Work to turn a Derbyshire council’s sprawling historic headquarters into a hotel and build a new base could cost more than £100 million.
Derbyshire County Council aims to move out of its historic Matlock headquarters in a former spa and move into a new eco, smaller building within the Bank Road grounds.
Reports published by the authority detail the potential cost of each scheme, with the new eco office for 500 employees potentially costing £34 million, the hotel conversion costing £72 million and the creation of homes in a block on the site costing £26 million.
They detail that its new HQ could be open by 2027 but advisors recommend the opening of the new office and the hotel conversion are synced up, with the hotel conversion potentially being open by 2029.
The move away from its historic headquarters comes as the cost of maintenance (£57 million), a repairs backlog (£56 million) and the price of decarbonising County Hall (£59 million) total £172 million.
Annual costs are around £3.3 million a year, it is estimated.
It would look to avoid the bulk of these costs by handing it over to a hotel operator, though some essential repairs would be required in the years before its potential transfer and any agreement reached over its continued upkeep – which would form part of the deal.
Now, within the authority’s budget for the next year, the county council has outlined plans to spend £20 million over the next three years on the planned move from its headquarters, conversion into a hotel and the building of a new HQ.
So far it has set aside £375,000 to be spent over the next financial year for preparation work on a business case for the combined project, including appointing property agents, legal advisors, finding ways to bridge the funding gap and carrying out traffic and travel surveys ahead of a planning application to Derbyshire Dales District Council.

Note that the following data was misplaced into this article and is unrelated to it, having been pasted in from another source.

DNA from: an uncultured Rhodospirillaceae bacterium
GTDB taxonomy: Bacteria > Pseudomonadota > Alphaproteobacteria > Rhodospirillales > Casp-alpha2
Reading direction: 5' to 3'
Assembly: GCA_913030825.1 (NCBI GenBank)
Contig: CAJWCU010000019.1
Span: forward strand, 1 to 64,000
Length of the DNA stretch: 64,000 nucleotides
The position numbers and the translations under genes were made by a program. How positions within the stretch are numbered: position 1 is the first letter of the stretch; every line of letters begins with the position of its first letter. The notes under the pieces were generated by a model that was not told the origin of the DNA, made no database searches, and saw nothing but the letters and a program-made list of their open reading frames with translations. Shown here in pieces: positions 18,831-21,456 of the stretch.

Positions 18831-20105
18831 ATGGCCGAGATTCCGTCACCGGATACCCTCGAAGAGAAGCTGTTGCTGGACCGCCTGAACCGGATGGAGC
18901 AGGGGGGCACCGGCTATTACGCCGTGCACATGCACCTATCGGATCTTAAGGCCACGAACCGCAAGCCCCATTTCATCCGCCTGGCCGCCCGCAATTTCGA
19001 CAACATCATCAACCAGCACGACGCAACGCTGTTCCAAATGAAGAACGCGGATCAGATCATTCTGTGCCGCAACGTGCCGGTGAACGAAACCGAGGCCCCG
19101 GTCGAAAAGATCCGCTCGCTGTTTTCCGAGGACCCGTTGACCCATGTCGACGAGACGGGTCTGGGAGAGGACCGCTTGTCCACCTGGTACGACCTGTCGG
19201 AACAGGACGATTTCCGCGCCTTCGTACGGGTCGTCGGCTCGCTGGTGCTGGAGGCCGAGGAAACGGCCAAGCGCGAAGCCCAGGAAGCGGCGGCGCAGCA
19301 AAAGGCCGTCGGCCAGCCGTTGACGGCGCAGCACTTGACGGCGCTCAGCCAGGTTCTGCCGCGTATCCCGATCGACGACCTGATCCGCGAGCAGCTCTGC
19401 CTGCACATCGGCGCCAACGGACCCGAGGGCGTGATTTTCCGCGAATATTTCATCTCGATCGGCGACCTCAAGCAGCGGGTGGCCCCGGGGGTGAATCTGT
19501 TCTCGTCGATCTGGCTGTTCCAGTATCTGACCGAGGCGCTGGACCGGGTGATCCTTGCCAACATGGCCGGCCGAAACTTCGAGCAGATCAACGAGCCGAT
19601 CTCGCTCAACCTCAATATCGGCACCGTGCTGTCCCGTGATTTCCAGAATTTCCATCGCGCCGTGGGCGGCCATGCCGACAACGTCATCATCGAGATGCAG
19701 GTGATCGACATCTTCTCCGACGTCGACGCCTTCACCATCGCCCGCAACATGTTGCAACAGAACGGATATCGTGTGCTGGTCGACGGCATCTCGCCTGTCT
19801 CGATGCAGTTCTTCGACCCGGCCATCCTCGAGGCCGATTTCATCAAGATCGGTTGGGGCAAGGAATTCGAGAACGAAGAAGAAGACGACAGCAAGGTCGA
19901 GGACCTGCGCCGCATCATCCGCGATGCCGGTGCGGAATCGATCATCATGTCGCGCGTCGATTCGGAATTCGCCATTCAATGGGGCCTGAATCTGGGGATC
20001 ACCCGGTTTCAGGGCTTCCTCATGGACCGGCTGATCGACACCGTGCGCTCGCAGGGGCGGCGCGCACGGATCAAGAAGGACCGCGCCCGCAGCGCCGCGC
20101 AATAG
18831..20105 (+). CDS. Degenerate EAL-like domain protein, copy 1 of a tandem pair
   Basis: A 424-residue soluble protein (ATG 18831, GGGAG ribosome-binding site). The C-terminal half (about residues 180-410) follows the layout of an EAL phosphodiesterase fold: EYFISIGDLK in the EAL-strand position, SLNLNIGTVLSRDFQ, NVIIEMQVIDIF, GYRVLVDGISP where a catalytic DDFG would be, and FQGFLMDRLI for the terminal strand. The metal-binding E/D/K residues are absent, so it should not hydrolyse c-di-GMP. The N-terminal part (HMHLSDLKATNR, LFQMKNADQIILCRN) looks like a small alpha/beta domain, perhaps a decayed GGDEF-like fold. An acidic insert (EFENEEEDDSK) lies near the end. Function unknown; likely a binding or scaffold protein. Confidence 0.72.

Meanwhile, in the 2025 financial year, it looks to spend £15 million, followed by a further £5 million in 2026 – totalling more than £20.5 million over three years.
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The council details that half of that £20.5 million would be funded through grants and half would be borrowed, and a small chunk from capital receipts from land sales.
It details in its budget report, to be discussed next week: “The vision for County Hall includes conversion of the principal listed buildings into a hotel, spa, conference facility and performance venue, together with residential accommodation and facilities for new businesses.
“A key component of the vision is a low carbon, efficient building, providing new offices for the council, with scope to share space with public sector partners or commercial tenants.
“The direct benefits to the council will include significantly reduced operating costs, the provision of a modern, flexible workplace to support users, the potential generation of a capital receipt, and a major reduction in the council’s carbon emissions.
“Wider benefits include a major boost to the local economy, support for local businesses, the creation of new jobs, and new residential accommodation to meet local demand.
“The community will benefit from having access to spaces such as a renovated Winter Garden for events, leisure facilities and new landscaped gardens.
“It will be a condition of any sale agreement that the listed buildings are enhanced and protected, and that the landscaped grounds are recreated.
“The soft market testing exercise has already generated serious interest from hotel operators and specialists in the conversion of listed buildings.
“More expressions of interest are expected as our advisors continue to target potential investors, developers and operators.
“The council’s commitment to the project, evidenced by the commissioning of a business case, has provided confidence to the market that the council is committed to this strategic project.
“Further technical, legal and financial support is required to prepare and take the opportunity to the market.
“This will include a planning pre-application, development of the design for the new offices, environmental and biodiversity due diligence of the site, assessment of the impact on local roads, and the preparation of a full technical pack for potential bidders and draft contract documents.”
The planned hotel conversion is expected to create 130 full-time jobs, boost the Derbyshire economy by £147 million and the Matlock economy by £56 million, along with £1.2 million a year in extra council tax.